The second phase of the emergency response and disaster recovery is the provision of emergency relief. It begins immediately after the disaster has occurred and when search and rescue operations have come to a close. The emergency relief phase brings foods, water, clothing, medicine and shelter to surviving victims of the disaster. It gives prompt and serious medical attention to people with severe injuries.

Emergency relief can go on for a long time or may end abruptly. It depends on the nature and scope of damage caused by the disaster.

Quick or Early Recovery

When it comes to recovery, the population that is affected is in a better and stable condition. They have access to food and water and temporary shelter where they can cope with wind and rain. People start going about their daily activities. Children start going to school again, although classes may be held in tents or churches, etc. While the entire affected population may not have completely recovered, they have started adapting to a new way of living.

The early recovery phase can last for weeks, months or even some few years. This depends on the initial communities vulnerability, resources available and sense of adaptability.

Medium to long-term disaster recovery

This phase involves the construction of permanent physical structures that will replace tents, plywood shelters, and trailers. This is to mirror what used to be as they try to get back to normal. With the commencement of building permanent structures, the social foundation of community is being reinforced and strengthened. Adults now have the opportunity to improve their means of living and restore their family’s economies. Children can return to schools with permanent buildings as they build. The society is now beginning to feel stable and safe once again.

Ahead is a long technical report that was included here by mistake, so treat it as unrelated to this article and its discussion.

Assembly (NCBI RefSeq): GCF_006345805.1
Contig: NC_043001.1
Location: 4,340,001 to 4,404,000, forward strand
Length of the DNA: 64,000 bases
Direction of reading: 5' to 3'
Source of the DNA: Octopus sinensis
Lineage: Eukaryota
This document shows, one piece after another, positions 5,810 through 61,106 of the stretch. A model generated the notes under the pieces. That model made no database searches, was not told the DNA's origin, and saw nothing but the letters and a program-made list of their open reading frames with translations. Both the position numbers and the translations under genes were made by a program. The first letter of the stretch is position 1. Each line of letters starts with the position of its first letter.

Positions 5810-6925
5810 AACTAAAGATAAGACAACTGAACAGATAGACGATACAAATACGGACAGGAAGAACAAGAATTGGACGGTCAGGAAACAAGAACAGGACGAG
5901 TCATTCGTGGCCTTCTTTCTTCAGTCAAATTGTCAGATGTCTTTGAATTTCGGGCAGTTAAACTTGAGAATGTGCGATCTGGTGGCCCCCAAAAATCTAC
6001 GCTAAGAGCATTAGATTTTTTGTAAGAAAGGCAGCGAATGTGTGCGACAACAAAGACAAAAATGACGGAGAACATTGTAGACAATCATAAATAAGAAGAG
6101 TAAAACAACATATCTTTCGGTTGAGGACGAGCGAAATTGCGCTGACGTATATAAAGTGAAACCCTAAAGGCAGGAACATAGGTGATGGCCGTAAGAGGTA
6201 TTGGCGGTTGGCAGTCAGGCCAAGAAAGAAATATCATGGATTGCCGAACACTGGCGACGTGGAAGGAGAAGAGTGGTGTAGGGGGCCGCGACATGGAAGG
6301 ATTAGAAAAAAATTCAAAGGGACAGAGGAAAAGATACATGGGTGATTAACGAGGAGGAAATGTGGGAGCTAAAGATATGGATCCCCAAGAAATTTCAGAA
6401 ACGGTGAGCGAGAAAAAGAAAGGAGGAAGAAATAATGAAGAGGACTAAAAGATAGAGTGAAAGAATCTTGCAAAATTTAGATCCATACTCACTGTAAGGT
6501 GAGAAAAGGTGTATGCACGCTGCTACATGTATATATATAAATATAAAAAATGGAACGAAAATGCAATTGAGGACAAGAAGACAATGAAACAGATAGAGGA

We are all first responders

Back in 2017, FEMA showed us that we are all first responders. “FEMA has a central role in both response and recovery efforts as the federal government’s coordinator of emergency management operations. But that role is often misunderstood, with FEMA being viewed as a first responder rather than an extension of state and local capabilities.” Don’t forget that as a community and individuals we can do our part.